17 March 2011

Washington’s Rules for Civility and Decent Behavior

In the wake of the assassination attempt of Rep. Gabriel Giffords (D-AZ 8th), there has been an ersatz effort to instill civility in public discourse.  From the establishment of the National Institute for Civil Discourse to last week’s White House Conference on Bullying Prevention, which gathered several Cabinet Secretaries along with the First Couple to tackle civility amongst schoolchildren.

Being a political animal living between-the-beltways favorite contact sport is politics, I expect to have intense exchanges with ideas with whom I differ. The District of Calamity (sic) is one of the most partisan places anywhere, so civility is crucial. While I do not aspire for superficial consensus, I expect clarity in a civil conversation.  Alas, such social graces are not always readily on display.

I recall having conversations with couple of professional collogues who had clear liberal leanings who thought nothing about labeling conservative community organizers as “Teabaggers”.  After the invective is invoked a few times, I have to interrupt their venomous vituperations by asking, “Do you realize the crude sexual slur that you are invoking?”  The coprophagic smile is a tell tale sign that the interlocultors think that they have cleverly scored points with their intentional insult. Such hedonistic hubris has promoted me to say: "While I enjoy chatting about current events and it’s fine if we disagree, I hope that we can do it without being disagreeable.”  This elicits a nod for its reasonableness.  So I continue:

What if I referred to the 42nd President–Bill Jefferson Clinton–as B.J. Clinton?  It’s funny true enough and  kind of apt, but it does not allow for an exchange of ideas. OK, can I call Democrats by their mascot–the jackass?  Once again, humorous and some semblance of truth but it seems like those are kind of like fighting words for nothing of significance.

Surprisingly, that rhetorical tactic has pierced the veil of incivility, albeit in environments which require collegiality in close quarters.

But the union inspired thuggery and incivility that has been on display in the Wisconsin State Capitol over the last few weeks has started to been seen between-the-beltways.  Yesterday, Gov. Scott Walker (R-WI) was trapped inside of a fundraiser in Washington when a couple of thousand union protestors “spontaneously” shut down rush hour traffic to protest and block the building lobby.  Such contentious hardball tactics recently received a bureaucratic blessing from the National Labor Relations Board in a decision over a 2008 workplace representation election at MasTec DirecTV.  In the age of Obama, what constitutes a threat of violence in a workplace is to be determined by a complex set of criteria that requires massive administrative litigation before the determination is made.  Effectively, the NLRB encouraged Unions to go “Break a leg” when muscling for union organizing elections.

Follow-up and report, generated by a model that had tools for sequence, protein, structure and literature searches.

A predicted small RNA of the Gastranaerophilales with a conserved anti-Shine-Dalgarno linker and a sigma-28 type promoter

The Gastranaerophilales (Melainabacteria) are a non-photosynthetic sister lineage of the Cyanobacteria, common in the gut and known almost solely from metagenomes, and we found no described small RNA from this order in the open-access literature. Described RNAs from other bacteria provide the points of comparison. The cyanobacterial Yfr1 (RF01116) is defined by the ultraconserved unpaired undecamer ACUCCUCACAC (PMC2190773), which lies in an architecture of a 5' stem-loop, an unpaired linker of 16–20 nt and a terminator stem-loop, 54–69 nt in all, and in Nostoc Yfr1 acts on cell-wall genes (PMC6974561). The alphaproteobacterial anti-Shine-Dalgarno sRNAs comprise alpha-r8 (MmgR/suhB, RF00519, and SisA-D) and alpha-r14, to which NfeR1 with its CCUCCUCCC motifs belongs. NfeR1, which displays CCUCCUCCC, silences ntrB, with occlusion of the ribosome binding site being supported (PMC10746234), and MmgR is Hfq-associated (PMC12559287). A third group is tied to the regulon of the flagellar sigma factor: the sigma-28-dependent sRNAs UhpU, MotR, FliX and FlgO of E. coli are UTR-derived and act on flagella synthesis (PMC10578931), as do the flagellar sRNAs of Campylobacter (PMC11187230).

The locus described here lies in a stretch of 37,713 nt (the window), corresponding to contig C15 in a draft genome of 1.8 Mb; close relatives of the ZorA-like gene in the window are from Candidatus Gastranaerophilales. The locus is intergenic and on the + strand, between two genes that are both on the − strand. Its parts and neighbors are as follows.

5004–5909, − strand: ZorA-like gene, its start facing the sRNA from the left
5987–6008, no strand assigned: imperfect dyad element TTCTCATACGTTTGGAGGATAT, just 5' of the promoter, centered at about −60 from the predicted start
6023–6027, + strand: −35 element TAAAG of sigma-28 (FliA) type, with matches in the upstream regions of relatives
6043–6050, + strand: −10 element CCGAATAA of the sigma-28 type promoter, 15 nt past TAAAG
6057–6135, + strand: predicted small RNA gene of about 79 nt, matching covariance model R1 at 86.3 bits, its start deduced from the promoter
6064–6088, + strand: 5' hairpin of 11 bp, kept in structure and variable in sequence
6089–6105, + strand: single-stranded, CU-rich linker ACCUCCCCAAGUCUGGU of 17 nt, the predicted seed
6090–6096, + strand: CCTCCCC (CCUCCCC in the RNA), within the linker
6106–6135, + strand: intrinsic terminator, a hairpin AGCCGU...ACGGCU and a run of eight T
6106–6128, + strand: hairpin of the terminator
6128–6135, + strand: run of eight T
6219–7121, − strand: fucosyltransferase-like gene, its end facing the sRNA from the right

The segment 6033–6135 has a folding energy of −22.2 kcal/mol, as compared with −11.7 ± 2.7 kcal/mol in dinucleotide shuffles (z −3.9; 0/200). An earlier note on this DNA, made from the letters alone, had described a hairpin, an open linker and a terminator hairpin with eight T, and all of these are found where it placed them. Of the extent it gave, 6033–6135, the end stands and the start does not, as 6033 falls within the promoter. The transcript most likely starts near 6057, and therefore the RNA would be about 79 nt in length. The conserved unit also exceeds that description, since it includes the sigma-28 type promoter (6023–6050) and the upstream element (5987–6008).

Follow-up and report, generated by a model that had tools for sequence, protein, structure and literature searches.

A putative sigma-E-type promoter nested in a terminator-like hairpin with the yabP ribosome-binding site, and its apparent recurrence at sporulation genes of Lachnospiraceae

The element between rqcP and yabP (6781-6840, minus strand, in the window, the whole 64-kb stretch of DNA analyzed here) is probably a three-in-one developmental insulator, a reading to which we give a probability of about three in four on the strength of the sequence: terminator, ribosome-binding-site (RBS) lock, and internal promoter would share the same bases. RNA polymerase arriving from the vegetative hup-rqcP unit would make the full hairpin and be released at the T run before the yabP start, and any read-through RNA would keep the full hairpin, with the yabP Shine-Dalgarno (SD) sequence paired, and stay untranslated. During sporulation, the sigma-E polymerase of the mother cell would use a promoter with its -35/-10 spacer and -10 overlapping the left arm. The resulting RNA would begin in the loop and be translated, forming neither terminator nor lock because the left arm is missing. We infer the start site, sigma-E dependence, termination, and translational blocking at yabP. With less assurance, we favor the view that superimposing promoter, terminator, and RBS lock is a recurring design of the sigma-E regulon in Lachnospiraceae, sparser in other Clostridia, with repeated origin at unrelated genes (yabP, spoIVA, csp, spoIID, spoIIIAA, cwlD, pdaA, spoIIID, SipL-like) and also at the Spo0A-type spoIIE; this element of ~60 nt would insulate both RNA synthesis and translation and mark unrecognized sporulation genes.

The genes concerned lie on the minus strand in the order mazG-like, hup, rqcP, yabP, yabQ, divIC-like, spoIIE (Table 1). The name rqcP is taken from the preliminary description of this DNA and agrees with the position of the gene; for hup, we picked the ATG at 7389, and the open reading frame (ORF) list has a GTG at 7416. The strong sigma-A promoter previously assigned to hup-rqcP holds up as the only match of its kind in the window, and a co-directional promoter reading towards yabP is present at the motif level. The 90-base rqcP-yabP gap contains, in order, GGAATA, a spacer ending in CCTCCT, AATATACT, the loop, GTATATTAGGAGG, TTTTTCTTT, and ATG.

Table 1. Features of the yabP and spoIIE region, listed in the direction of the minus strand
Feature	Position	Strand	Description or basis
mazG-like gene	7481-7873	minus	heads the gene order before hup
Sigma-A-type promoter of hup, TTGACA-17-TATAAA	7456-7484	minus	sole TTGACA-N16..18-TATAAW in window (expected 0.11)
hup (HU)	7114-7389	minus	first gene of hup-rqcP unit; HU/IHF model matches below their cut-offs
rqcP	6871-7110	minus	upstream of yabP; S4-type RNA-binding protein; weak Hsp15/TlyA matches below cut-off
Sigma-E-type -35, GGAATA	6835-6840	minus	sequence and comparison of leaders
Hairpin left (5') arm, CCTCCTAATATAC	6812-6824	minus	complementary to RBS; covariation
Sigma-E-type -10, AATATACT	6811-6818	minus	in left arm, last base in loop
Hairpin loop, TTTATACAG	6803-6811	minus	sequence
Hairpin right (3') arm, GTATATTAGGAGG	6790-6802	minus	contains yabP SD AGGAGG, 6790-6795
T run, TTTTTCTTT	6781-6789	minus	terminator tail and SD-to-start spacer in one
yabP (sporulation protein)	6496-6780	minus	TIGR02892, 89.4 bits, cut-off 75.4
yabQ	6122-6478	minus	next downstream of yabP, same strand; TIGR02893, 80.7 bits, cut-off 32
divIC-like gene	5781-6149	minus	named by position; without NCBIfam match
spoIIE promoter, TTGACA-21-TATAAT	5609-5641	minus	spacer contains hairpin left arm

With this in mind, I came across some personal principles from George Washington.  Recent biographies which humanized our first President also reminded us that Washington had quite a temper which learned to govern.  At the age of sixteen, Washington transcribed “The Rules of Civility and Decent Behavior” for his Jesuit instructors. These maxims helped morally mold the man throughout his military, diplomatic and public policy career. Those platitudes are in part:

  • Let your countenance be pleasant, but in serious matters somewhat grave.
  • Show not yourself glad at the misfortune of another, though he were your enemy.
  • In writing or speaking, give to every person his due title according to his degree and the custom of the place.
  • When a man does all he can, though it succeeds not well, blame not him that did it.
  • Strive not with your superiors in argument, but always submit your judgment to others with modesty.
  • Associate yourself with men of good quality if you esteem your own reputation; for 'tis better to be alone than in bad company.
  • Let your conversation be without malice or envy...And in all causes of passion admit reason to govern.
  • Undertake not what you cannot perform, but be careful to keep your promise.
  • When you speak of God and his attributes, let it be seriously and with reverence. Honor and obey your natural parents although they be poor.
  • Let your recreations be manful, not sinful.
  • Labor to keep alive in your breast that little spark of celestial fire called conscience.

These maxims helped morally mold Washington throughout his military, diplomatic and public policy career. There is a famous instance of William  Payne who physically assaulted George Washington during a political argument and got away with it.  Even though Washington was a military commander, he did not seek retribution.  Washington requested a meeting with Payne the next day when Washington apologized for losing his temper in an unprotected moment and expressed the hope that they could still be friends.  But do not mistake Washington as a polite pushover.  Even when negotiating the American defeat in the Battle of New York of 1776, Washington refused the first two communiques from British Admiral Howe as Washington was respectively addressed as a General (and giving tacit recognition to the American opposition).

As President Washington extolled in his farewell address, “Observe good faith and justice towards all. Cultivate peace and harmony with all.”   Washington’s Rules of Civil Discourse and Decent Behavior should be better heeded amongst the body politic as we work through trying public policy disputes without bullying or acting like political hooligans.

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